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 Table of Contents  
CASE REPORT
Year : 2018  |  Volume : 7  |  Issue : 1  |  Page : 42-46

Lobulated capillary hemangioma: A series of 3 cases with review of literature


1 Department of Oral Medicine and Radiology, Bharati Vidyapeeth Deemed University Dental College and Hospital, Pune, Maharashtra, India
2 Department of Oral Pathology, Bharati Vidyapeeth Deemed University Dental College and Hospital, Pune, Maharashtra, India

Date of Web Publication11-Jun-2018

Correspondence Address:
Dr. Harshal Varpe
Department of Oral Medicine and Radiology, Bharati Vidyapeeth Deemed University Dental College and Hospital, Pune, Maharashtra
India
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Source of Support: None, Conflict of Interest: None


DOI: 10.4103/jdas.jdas_38_17

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  Abstract 


Enlargements of soft tissue of the oral mucosa often present a diagnostic challenge because a diverse group of pathologic processes can produce such lesions. Lobulated capillary hemangioma of oral mucosa is a well-known benign lesion occurring most commonly on gingiva. Diagnosis of such lesions becomes difficult many times as an enlargement may represent a variation of normal anatomic structures, inflammation, cysts, developmental anomalies, and neoplasm. Some of these lesions are reactive in nature. This article focuses on a series of three similar cases on gingiva, clinically diagnosed as “pyogenic granuloma” and histopathologically as “lobulated capillary hemangioma.”

Keywords: Benign vascular lesions of oral mucosa, gingival overgrowth, lobulated capillary hemangioma, pyogenic granuloma, swelling on gingiva


How to cite this article:
Varpe H, Mhapuskar A, Jadhav S, Hiremutt D, Gaikwad S, Deshmukh A. Lobulated capillary hemangioma: A series of 3 cases with review of literature. J Dent Allied Sci 2018;7:42-6

How to cite this URL:
Varpe H, Mhapuskar A, Jadhav S, Hiremutt D, Gaikwad S, Deshmukh A. Lobulated capillary hemangioma: A series of 3 cases with review of literature. J Dent Allied Sci [serial online] 2018 [cited 2019 Oct 21];7:42-6. Available from: http://www.jdas.in/text.asp?2018/7/1/42/234187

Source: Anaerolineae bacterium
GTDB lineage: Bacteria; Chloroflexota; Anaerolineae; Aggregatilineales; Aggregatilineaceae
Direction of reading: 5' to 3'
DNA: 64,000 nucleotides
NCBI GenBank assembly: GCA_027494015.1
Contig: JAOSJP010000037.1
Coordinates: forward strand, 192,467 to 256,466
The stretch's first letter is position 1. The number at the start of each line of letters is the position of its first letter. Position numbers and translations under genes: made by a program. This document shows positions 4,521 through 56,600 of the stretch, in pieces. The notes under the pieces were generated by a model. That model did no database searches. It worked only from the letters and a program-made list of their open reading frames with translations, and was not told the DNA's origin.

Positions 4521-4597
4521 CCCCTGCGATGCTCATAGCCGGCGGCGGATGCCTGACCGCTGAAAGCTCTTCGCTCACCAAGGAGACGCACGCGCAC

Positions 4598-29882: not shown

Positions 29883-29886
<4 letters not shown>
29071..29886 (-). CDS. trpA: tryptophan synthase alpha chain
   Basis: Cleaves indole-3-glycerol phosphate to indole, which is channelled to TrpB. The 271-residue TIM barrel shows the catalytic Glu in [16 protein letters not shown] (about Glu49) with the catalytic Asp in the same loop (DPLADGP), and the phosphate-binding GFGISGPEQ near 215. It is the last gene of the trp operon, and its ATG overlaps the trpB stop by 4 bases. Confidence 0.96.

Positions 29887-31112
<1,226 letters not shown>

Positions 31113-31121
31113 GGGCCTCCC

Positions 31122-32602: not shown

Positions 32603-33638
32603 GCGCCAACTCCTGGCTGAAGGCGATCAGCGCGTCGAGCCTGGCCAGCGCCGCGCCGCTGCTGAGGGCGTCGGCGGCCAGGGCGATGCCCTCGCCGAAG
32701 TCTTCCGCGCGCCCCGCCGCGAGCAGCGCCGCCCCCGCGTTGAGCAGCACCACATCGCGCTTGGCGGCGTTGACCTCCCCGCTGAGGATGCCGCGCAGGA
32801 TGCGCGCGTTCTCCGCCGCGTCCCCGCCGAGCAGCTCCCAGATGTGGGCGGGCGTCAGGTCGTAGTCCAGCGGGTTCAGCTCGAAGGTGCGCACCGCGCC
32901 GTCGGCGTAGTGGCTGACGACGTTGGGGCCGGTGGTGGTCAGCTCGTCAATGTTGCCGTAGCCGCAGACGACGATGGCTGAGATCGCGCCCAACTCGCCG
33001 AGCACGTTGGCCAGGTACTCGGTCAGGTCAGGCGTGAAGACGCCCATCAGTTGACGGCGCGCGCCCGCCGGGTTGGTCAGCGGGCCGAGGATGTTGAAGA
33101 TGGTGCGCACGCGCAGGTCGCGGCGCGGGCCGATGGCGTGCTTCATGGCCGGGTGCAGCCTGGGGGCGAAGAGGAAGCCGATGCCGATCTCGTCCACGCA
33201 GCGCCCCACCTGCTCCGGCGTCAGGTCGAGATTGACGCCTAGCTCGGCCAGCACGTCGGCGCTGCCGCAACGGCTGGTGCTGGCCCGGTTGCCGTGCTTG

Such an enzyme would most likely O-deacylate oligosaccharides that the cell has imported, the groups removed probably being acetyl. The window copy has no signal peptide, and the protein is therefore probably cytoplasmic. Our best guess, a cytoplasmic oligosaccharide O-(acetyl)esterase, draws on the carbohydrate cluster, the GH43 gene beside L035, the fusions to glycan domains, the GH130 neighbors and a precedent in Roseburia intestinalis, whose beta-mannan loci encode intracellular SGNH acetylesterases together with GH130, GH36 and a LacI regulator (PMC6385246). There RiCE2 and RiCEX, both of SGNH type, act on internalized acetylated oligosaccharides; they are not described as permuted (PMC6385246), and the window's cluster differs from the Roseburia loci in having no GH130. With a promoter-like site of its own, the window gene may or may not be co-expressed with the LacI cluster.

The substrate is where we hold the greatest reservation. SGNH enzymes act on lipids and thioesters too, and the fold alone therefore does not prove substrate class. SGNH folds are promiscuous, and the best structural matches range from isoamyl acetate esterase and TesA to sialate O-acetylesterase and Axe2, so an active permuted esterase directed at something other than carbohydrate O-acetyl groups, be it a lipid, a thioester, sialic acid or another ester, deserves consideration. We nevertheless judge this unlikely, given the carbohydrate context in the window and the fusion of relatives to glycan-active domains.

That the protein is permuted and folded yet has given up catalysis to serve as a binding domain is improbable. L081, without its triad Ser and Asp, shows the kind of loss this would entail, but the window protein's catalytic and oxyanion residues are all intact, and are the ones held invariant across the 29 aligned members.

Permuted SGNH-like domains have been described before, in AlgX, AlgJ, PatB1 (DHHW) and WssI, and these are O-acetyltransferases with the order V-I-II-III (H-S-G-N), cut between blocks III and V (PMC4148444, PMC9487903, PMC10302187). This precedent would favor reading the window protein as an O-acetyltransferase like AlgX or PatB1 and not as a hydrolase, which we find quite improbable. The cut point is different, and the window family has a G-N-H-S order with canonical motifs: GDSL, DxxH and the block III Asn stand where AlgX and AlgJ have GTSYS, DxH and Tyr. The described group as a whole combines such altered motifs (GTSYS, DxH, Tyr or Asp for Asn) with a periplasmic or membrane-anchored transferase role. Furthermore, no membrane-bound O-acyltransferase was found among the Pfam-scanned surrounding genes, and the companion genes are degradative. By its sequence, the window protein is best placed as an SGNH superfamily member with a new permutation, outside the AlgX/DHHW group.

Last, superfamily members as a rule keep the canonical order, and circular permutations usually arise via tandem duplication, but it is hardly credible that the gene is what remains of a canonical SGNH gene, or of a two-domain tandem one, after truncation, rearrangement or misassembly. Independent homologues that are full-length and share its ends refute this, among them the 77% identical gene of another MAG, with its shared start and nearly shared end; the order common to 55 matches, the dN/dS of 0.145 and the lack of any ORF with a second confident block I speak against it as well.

Introduction Top


Pyogenic granuloma or lobulated capillary hemangioma is a tumor-like growth that is considered an exaggerated, conditioned response to minor trauma. Exophytic gingival lesions represent some of the more frequently encountered lesions in the oral cavity.

As the name pyogenic granuloma suggests pus, this term is a misnomer as it is not associated with any kind of pus neither does it represent granuloma histologically. These benign vascular lesions are commonly occurring lesion in the oral mucosa especially the gingiva

The actual etiology of the lesion is not known, but it is believed to be a botromycotic infection. Theories also suggest that it is a response of tissues for minor trauma or a persistent irritation resulting in opening a path for the invasion of nonspecific microorganisms.

Benign tumors such as hemangiomas consists of blood vessels and are classified based on histology as capillary, mixed or cavernous

Among all the cases 75% occur on gingiva. Other sites include tongue, buccal mucosa, and lips. Maxillary anterior region is affected more than posterior and buccal surface involvement is more than lingual.[1],[2],[3],[4],[5]


  Case Reports Top


Case report 1

A 34-year-old male patient reported to the Department of Oral Medicine and Radiology with a chief complaint of growth on the lingual surface of gingiva for 2 months [Figure 1]. The growth was initially peanut size when he noticed it for the first time, but the growth has rapidly increased over the past 1 month to attain present size. The growth was asymptomatic; the patient's medical history was unremarkable.